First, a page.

Not only should they apologize but they should also pay huge damage money to the descendants of the victims.
Any objective historian would concede that the British government has a centuries-long list of atrocities that it must one day apologize for. To this day, the British Empire has struggled with the notion of righting past wrongs.
The British government made a rare move last week: it expressed regret for the killing of Maori in New Zealand in 1769. When Captain James Cook “discovered” New Zealand, it wasn’t long before local Maori people were being attacked and killed by Cook and his band of merry men.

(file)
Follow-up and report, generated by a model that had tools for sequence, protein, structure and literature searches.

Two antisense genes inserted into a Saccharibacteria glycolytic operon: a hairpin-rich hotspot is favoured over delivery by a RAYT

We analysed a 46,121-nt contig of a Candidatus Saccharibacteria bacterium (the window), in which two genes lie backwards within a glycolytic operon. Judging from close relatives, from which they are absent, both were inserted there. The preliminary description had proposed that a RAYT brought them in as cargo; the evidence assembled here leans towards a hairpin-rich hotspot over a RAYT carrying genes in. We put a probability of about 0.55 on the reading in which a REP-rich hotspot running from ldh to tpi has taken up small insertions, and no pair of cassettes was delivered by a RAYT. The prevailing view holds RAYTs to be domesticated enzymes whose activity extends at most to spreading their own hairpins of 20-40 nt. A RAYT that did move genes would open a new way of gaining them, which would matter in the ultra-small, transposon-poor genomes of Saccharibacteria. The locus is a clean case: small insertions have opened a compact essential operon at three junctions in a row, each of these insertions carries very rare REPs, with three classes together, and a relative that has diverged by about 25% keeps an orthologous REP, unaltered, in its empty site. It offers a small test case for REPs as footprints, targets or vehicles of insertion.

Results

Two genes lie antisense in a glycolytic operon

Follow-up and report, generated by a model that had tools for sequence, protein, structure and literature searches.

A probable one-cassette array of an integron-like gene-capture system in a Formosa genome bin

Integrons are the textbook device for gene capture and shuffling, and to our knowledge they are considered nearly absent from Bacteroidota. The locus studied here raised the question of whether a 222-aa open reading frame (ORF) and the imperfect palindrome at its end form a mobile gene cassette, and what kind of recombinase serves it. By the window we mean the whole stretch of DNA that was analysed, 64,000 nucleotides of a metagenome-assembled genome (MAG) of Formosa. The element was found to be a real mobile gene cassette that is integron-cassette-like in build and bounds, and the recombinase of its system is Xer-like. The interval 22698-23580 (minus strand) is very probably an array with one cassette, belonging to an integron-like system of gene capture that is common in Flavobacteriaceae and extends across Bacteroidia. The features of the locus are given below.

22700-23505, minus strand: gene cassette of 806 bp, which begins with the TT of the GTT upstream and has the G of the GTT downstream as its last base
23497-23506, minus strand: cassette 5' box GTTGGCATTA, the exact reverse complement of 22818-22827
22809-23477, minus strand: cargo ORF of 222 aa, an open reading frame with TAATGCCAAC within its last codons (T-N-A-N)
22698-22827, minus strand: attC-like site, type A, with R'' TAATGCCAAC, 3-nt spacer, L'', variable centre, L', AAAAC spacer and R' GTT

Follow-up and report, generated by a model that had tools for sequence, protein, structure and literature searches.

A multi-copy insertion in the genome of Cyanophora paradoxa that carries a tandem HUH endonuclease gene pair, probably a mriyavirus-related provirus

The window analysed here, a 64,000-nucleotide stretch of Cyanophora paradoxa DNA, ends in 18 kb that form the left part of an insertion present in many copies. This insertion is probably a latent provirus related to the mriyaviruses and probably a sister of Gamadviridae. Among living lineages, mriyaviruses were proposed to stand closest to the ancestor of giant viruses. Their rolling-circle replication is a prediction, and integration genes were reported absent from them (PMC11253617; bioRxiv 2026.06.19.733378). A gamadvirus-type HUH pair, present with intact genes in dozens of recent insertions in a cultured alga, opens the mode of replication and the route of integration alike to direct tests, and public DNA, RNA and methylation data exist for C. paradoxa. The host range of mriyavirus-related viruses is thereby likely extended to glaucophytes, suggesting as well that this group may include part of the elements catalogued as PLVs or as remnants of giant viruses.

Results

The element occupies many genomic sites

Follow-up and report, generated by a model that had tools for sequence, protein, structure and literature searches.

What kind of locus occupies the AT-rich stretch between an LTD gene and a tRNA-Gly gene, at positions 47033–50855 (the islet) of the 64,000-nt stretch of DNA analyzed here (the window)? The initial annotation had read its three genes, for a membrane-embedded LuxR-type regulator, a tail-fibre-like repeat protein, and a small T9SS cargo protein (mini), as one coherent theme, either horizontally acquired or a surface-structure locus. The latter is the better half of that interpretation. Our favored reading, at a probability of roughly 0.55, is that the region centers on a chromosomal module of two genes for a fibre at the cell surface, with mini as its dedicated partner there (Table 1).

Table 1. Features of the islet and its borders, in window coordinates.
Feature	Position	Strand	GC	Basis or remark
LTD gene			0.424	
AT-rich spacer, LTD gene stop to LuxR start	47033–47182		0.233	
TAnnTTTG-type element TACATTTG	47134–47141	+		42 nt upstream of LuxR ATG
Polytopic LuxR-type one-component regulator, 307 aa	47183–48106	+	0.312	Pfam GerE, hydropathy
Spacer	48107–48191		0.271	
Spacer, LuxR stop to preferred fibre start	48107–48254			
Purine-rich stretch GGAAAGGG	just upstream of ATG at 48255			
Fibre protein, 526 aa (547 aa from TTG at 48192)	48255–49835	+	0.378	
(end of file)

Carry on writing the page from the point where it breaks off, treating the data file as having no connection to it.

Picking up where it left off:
To be fair, the government only took this step because it wanted to push ahead with a government-funded commemoration of Cook’s initial landing, including replicating his sailing ship with an accompanying flotilla. In fact, New Zealand’s Deputy Prime Minister Winston Peters (who has Maori ancestry, mind you), suggested that Maori had their own share of the blame.
Captain Cook and his gang didn’t just kill innocent natives. As my good friend and former rugby star Eliota Sapolu points out regularly, the captain took native Polynesian women as sexual slaves. Perhaps rejecting the commemoration of people who commit such acts is actually not a bad idea.
The British Empire spanned far and wide, often at the expense of the basic rights of the local populations that fell under British rule. So much so, that you would be hard-pressed to Google search a country and find that the British hadn’t interfered extensively in that neighborhood.